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Of Human Bondage by W. Somerset Maugham

He despised Griffiths for his apologies


On

Thursday morning he got up very late and dragged himself, blear-eyed and sallow, into his sitting-room to see if there were any letters. A curious feeling shot through his heart when he recognised the handwriting of Griffiths.

Dear old man:

I hardly know how to write to you and yet I feel I must write. I hope you're not awfully angry with me. I know I oughtn't to have gone away with Milly, but I simply couldn't help myself. She simply carried me off my feet and I would have done anything to get her. When she told me you had offered us the money to go I simply couldn't resist. And now it's all over I'm awfully ashamed of myself and I wish I hadn't been such a fool. I wish you'd write and say you're not angry with me, and I want you to let me come and see you. I was awfully hurt at your telling Milly you didn't want to see me. Do write me a line, there's a good chap, and tell me you forgive me. It'll ease my conscience. I thought you wouldn't mind or you wouldn't have offered the money. But I know I oughtn't to have taken it. I came home on Monday and Milly wanted to stay a couple of days at Oxford by herself. She's going back to London on Wednesday, so by the time you receive this letter you will have seen her and I hope everything will go off all right. Do write and say you forgive me. Please write at once. Yours ever,

Harry.

Philip tore up the letter furiously. He did not mean to answer it. He despised Griffiths for his apologies, he had no patience with his prickings of conscience: one could do a dastardly thing if one chose, but it was contemptible to regret it afterwards. He thought the letter cowardly and hypocritical. He was disgusted at its sentimentality.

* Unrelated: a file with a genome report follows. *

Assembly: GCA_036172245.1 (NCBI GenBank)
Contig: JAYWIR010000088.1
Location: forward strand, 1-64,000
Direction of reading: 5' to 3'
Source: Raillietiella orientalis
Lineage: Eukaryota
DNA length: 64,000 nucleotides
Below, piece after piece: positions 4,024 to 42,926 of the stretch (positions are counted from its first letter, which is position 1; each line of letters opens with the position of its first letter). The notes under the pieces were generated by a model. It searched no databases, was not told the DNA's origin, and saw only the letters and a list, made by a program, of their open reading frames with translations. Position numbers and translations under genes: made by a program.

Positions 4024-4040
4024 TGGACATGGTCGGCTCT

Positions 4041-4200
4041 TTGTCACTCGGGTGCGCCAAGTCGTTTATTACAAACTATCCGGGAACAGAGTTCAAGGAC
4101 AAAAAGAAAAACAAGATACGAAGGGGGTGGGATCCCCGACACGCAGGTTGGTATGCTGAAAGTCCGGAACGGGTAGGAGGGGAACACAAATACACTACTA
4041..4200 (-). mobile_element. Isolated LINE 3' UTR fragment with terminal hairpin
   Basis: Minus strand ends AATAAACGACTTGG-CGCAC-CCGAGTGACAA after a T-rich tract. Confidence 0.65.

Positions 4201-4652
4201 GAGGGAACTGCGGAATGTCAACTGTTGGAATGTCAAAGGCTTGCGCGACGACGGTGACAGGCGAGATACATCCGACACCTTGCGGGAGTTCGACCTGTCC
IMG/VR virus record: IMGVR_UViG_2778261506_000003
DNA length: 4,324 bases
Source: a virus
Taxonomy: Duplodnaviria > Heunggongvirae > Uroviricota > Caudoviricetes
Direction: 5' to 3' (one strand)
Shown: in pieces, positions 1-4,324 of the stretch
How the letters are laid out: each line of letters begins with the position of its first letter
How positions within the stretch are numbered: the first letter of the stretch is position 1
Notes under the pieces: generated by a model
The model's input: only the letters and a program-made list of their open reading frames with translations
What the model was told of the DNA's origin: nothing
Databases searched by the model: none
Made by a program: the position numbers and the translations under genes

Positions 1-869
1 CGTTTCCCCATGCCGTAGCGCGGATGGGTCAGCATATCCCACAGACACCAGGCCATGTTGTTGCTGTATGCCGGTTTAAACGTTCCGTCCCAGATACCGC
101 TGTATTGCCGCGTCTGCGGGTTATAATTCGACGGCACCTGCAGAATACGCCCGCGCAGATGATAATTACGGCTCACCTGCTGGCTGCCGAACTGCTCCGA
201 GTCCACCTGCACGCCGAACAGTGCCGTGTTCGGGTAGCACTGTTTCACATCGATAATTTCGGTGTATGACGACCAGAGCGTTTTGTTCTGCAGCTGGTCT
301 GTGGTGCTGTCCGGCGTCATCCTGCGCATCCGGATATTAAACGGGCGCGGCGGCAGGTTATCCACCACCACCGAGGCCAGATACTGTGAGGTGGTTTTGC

"It would be very easy if you could do a beastly thing," he muttered to himself, "and then say you were sorry, and that put it all right again."

He hoped with all his heart he would have the chance one day to do Griffiths a bad turn.

But at all events he knew that Mildred was in town. He dressed hurriedly, not waiting to shave, drank a cup of tea, and took a cab to her rooms. The cab seemed to crawl. He was painfully anxious to see her, and unconsciously he uttered a prayer to the God he did not believe in to make her receive him kindly. He only wanted to forget. With beating heart he rang the bell. He forgot all his suffering in the passionate desire to enfold her once more in his arms.

"Is Mrs. Miller in?" he asked joyously.

"She's gone," the maid answered.

He looked at her blankly.

"She came about an hour ago and took away her things."

For a moment he did not know what to say.

"Did you give her my letter? Did she say where she was going?"

Then he understood that Mildred had deceived him again. She was not coming back to him. He made an effort to save his face.

"Oh, well, I daresay I shall hear from her. She may have sent a letter to another address."


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